Julie Cassidy: New HUD rule would make it easier to discriminate in housing 

September 20, 2019 8:40 am

Witherell Street in Detroit | Ken Coleman

At a recent staff training on racial equity here at the Michigan League for Public Policy, we considered a question: If you threw a Frisbee and accidentally hit someone in the head, would your lack of ill intent absolve you of responsibility? Or would you recognize the impact of your action, though inadvertent, and apologize? 

This question was posed to us in the context of microaggressions — slights against a member of a marginalized group that are usually unintentional. The lack of intent behind a given action doesn’t make it any less harmful to the person on the receiving end — something the U.S. Department of Housing and Urban Development (HUD) would do well to bear in mind as it considers a proposed rule change that would make it easier for those engaged in housing discrimination to escape accountability. We’re calling on our fellow Michiganders to join us in opposition.

The Fair Housing Act prohibits discrimination in the sale, rental or financing of housing and other housing-related activities on the basis of race, color, religion, sex, disability, familial status or national origin. In 2013, HUD adopted a rule specifying that the prohibition applies to practices that have an unjustifiable disparate impact on a protected class, even in the absence of discriminatory intent.

The proposed rule would substantially raise the burden of proof on the person making the complaint, tilting the playing field in favor of the defendant.  Additionally, it would expand the ability of landlords, lenders and others to assert plausible deniability for discrimination through reliance on algorithms.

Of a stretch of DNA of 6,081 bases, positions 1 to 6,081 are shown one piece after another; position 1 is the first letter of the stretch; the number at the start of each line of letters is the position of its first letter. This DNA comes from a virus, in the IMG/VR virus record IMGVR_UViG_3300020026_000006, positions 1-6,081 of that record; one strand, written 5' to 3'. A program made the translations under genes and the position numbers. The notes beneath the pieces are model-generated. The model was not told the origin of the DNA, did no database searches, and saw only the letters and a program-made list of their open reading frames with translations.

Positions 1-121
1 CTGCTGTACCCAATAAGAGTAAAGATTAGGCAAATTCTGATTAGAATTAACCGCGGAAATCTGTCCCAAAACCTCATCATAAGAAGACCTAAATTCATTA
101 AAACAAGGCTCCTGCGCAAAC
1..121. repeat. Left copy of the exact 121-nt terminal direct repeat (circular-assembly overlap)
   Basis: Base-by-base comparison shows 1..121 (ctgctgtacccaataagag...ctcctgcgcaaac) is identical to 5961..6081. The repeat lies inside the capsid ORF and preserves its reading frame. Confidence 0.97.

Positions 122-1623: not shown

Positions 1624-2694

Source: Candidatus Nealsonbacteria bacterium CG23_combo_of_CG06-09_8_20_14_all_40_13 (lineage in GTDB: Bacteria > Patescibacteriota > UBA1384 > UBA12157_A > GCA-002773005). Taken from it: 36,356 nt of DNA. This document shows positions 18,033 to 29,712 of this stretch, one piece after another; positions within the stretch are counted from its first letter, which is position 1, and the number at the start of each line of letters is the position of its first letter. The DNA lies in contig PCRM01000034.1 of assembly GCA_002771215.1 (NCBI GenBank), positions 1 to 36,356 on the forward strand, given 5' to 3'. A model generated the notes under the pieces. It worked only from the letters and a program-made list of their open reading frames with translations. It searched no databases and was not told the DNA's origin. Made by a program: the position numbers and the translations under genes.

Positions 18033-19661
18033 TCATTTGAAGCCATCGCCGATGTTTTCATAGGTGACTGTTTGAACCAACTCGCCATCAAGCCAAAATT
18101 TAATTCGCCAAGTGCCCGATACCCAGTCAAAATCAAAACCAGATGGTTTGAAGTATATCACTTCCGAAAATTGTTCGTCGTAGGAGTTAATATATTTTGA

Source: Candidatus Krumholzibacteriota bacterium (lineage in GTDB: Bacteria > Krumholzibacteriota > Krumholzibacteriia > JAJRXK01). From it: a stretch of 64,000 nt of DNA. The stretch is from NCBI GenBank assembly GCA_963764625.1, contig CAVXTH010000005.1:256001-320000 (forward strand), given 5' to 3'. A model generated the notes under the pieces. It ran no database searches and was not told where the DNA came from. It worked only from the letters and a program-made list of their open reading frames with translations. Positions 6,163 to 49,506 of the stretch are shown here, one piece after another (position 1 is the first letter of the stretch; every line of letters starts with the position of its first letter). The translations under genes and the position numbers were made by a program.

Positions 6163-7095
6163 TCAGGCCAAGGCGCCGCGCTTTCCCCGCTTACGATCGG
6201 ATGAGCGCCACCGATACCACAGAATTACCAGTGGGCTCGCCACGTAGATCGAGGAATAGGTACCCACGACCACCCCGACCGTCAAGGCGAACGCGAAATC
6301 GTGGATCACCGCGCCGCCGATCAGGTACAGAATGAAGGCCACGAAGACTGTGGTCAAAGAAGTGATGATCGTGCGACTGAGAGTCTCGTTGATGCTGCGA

That’s concerning as these housing gatekeepers increasingly use computer programs to screen prospective tenants and applicants for mortgage loans. Under the proposed rule, a defendant could evade liability for a disparate impact simply by showing that a particular model’s use is standard in the industry.

Bernadette Atuahene at a housing hearing in Detroit | Ken Coleman

That should alarm us. There’s a common perception that increased reliance on technology decreases the influence of human bias in decision-making, that computers and mathematical processes aren’t sentient beings so their outputs can’t be tainted by bigotry. But algorithms are created by humans and systems learn based on past events. Rather than advancing objectivity, our technological advances often result in the mass reproduction of our biases.

In a racist, sexist and ableist society, racism, sexism and ableism are the industry standard. It’s no coincidence that the people who are harmed by supposedly unbiased systems are disproportionately economically disadvantaged or members of the very groups our civil rights laws aim to protect: people with disabilities, people of color, LGBTQIA+ people and women.

The proposed rule reflects the incorrect belief that the absence of explicitly racist intent on the part of a particular individual or institution equals the absence of racism, that if disparities exist between racial groups, it’s a matter of happenstance and not the cumulative result of centuries of deliberate decisions. As writer and Holocaust survivor Stanislaw Lec said, “No snowflake in an avalanche ever feels responsible.”

If we can’t identify anyone to blame for disparate impacts, then we can’t task anyone with responsibility for fixing them. It’s a sham to justify a status quo that actively harms people in protected classes. 

Please join us in opposition to the proposed rule. Visit Defend Civil Rights to get all of the information you need to submit a comment and tell HUD how this proposal would perpetuate oppression in your community. We have until October 18 to tell this administration that impact matters more than intent and there’s no excuse for discrimination. 

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Julie Cassidy
Julie Cassidy

Julie Cassidy is the Michigan League for Public Policy's senior policy analyst. Before that, she spent 14 years working as a legislative analyst for the nonpartisan Senate Fiscal Agency, where she specialized in health, energy and environmental issues.